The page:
Jesus Plus Nothing Bible Studies
The Feasts of the Lord: The Resurrection - Jesus in the Feast of First Fruits

by I Gordon
 

Introduction

This is the third in the series examining the feasts of the Lord. We saw that the first two feasts, Passover and Unleavened bread, had their Messianic fulfillment in the death and burial of the Lord Jesus. Any ideas what event this feast, first fruits, would then speak of? Ok, so it's best I don't give away prizes for getting this one right because it is hopefully pretty straight forward! The feast of first fruits is all about the resurrection of Jesus. Like the first two feasts, we shall find that God is very specific again on the day that this should be celebrated and for good reason as we shall see. So like the previous studies we will examine the biblical account and commands concerning this festival as well as the personal and Messianic fulfillments. Let's start with the Bible account that is given in Leviticus. 

The Biblical commands concerning the feast

Leviticus 23:9-14 The LORD said to Moses, (10) Speak to the Israelites and say to them: 'When you enter the land I am going to give you and you reap its harvest, bring to the priest a sheaf of the first grain you harvest. (11) He is to wave the sheaf before the LORD so it will be accepted on your behalf; the priest is to wave it on the day after the Sabbath. (12) On the day you wave the sheaf, you must sacrifice as a burnt offering to the LORD a lamb a year old without defect, (13) together with its grain offering of two-tenths of an ephah of fine flour mixed with oil--an offering made to the LORD by fire, a pleasing aroma--and its drink offering of a quarter of a hin of wine. (14) You must not eat any bread, or roasted or new grain, until the very day you bring this offering to your God. This is to be a lasting ordinance for the generations to come, wherever you live.

The feast of Firstfruits has been called by a few different names. It's Hebrew name is 'Reshit Ketzivchem' which means 'the fruit of your harvest'. It is also known as the 'Feast of Omer' and the 'Feast of the Wave-sheath'.1 The feasts of God are based around different harvest times.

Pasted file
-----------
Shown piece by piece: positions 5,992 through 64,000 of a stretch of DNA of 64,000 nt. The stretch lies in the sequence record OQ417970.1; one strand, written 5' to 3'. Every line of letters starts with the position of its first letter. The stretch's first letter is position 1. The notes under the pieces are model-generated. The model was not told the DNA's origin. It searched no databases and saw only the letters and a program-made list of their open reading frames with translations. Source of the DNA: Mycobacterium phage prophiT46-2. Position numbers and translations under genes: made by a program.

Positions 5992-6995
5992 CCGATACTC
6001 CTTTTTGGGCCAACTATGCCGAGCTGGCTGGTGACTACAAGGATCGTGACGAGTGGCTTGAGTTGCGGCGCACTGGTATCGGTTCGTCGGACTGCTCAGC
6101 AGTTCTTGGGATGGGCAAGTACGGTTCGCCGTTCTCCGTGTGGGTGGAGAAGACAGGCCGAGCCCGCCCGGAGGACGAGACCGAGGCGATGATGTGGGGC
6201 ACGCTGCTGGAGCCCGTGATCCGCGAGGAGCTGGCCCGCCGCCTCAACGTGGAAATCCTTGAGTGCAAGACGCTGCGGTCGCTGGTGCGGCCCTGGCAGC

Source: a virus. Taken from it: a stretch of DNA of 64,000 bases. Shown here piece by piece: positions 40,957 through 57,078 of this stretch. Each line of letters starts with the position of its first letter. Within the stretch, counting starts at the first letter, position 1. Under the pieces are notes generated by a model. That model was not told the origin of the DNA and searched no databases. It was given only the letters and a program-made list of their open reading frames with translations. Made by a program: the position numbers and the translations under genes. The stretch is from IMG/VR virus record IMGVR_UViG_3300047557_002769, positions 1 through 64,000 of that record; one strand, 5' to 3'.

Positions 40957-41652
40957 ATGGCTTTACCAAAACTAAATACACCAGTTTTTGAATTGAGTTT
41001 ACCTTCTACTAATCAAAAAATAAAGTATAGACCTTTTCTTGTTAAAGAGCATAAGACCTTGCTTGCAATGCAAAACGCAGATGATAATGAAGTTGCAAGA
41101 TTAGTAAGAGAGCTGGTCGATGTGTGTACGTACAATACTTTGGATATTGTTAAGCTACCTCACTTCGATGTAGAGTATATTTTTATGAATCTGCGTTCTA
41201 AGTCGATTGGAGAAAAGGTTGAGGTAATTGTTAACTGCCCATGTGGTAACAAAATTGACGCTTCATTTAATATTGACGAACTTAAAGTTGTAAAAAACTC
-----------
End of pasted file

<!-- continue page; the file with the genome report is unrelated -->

first fruits barleyThe barley harvest arrived first in the March/April period. So this feast of the firstfruits was to do with the barley harvest. Then came the wheat harvest normally around May and was associated with the feast of weeks (Pentecost). Finally the fruit harvest (grapes, figs, pomegranates etc) came later around September and were associated with the fall feasts. So God instructed the Israelites that before reaping the barley harvest they were to take a sheaf of the first grain to the priest who would wave it before the Lord. As they waved the firstfruits to the left and the right, it was symbolising that this sheaf that they had represented the entire crop. Until they did this the rest of their crop was not 'kosher' (acceptable). They did this to acknowledge and thank the Lord for the coming harvest and to ask His blessing upon it. It was to be a joyous occasion trusting that the One who gave them the firstfruits would also bless the full harvest. As well as waving the sheaf before the Lord, they were to offer a burnt offering and a drink offering. They were not to eat bread or continue the harvest until this offering of the firstfruits had been made to the Lord.